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HC

Hal Cruttenden: Tough Luvvie, Gilded Balloon 10pm, until 26 Aug, £13 (£11 concessions)

With a convincing performance in the play ‘Making News‘ at this year’s Edinburgh Festival Fringe, Hal Cruttenden stages his solo stand-up in the Gilded Balloon’s Wine Bar, with its near-deafening air-con. Fortunately his storytelling and dramatic outbursts rise above it, with a welcome apology and explanation for the delay on the night, which is rarer than you might think.

Cruttenden is quick to discuss Fringe ‘etiquette’, in that any show which is being flyered by a man dressed in historic attire, bellowing ye-olde-English, is always going to be ‘sh*t’, an observation that brings about the discovery that acting is where his heart truly lies, with this being the case for many years before stand-up. The way in which he uses his theatrical disposition to bolster his set is advantageous.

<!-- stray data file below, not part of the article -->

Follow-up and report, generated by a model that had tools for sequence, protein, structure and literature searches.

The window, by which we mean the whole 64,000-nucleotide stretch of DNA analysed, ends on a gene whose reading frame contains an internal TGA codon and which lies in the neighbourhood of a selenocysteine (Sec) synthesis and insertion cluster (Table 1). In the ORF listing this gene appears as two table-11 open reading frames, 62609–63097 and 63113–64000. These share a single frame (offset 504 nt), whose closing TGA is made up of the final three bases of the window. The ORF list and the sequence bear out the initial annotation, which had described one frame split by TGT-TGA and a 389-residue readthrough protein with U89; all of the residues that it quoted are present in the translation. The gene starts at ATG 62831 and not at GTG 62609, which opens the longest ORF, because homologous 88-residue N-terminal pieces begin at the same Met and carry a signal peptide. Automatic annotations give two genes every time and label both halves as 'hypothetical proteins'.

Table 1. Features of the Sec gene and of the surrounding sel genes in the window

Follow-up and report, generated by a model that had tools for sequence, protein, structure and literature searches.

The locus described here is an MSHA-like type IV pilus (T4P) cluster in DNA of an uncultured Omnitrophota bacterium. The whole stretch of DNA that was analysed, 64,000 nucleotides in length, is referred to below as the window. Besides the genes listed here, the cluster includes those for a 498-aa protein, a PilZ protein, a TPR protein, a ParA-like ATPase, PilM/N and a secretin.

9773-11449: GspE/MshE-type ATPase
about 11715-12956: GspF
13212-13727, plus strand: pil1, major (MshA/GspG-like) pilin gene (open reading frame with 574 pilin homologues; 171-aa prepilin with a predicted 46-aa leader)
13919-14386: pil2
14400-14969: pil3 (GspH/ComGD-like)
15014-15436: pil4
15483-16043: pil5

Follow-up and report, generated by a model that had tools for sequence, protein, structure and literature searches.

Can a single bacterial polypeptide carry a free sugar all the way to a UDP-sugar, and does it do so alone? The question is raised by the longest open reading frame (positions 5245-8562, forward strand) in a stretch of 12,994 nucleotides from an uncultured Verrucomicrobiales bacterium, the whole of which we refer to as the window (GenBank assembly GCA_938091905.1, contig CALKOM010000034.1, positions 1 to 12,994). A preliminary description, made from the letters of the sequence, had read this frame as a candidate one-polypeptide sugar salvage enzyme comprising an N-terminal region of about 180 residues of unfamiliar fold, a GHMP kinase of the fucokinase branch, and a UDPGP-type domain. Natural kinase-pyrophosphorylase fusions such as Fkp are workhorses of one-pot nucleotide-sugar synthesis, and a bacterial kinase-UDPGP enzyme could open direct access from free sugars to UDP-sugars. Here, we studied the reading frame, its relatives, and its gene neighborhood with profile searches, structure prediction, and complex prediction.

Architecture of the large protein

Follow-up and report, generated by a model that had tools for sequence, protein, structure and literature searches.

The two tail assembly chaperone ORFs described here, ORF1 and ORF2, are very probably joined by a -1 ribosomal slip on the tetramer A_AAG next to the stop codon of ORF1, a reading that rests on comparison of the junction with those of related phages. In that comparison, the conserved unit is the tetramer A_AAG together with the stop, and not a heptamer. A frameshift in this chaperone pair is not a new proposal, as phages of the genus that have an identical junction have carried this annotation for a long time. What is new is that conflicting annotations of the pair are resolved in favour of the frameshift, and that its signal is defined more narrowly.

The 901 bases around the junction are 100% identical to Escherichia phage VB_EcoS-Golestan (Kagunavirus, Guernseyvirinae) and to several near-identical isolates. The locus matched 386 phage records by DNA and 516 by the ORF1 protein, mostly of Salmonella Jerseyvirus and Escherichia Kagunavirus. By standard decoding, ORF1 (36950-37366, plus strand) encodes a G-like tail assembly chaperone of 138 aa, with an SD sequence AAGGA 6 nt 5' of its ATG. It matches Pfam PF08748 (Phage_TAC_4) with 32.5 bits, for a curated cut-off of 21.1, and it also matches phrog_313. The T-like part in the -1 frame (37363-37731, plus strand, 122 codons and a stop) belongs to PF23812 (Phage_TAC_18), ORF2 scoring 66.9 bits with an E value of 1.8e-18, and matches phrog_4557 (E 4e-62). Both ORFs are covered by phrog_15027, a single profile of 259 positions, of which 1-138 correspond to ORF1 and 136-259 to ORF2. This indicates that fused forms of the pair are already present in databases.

Topics pondered include his family dynamics with his Northern-Irish wife and with his two daughters, both of whom regularly question his camp persona. Cruttenden doesn’t shy away from their remarks and uses them to comedic effect proficiently.

The Royal Family and politicians are contemplated in depth, leading onto ‘that’ topic of the Scottish independence referendum. Unlike some of the higher profile stand-ups at this year’s Fringe, Cruttenden actually dares to speak more than just one sentence about it, explaining his viewpoint and possible ramifications of either result.

He does in fact manage to weave his views on numerous topics throughout the hour while addressing a range of regional stereotypes, much to the horror of one heckler who evidently caught Cruttenden unawares but was swiftly dealt with in a professional manner, where many other acts may have floundered.

Segments featuring Cruttenden’s critique of ‘life quotes’ and Facebook statuses, and experiences where he has had to portray his ‘tough’ side, were highlights of a set that featured many observations and anecdotes that you may have already experienced if you have seen some of his televised material.

Having said this, fresh injections, combined with a consistently well-paced delivery, make this an amusing endeavour. Cruttenden’s sensitive yet sharp-edged calibre and dramatised sequences make him captivating and topical.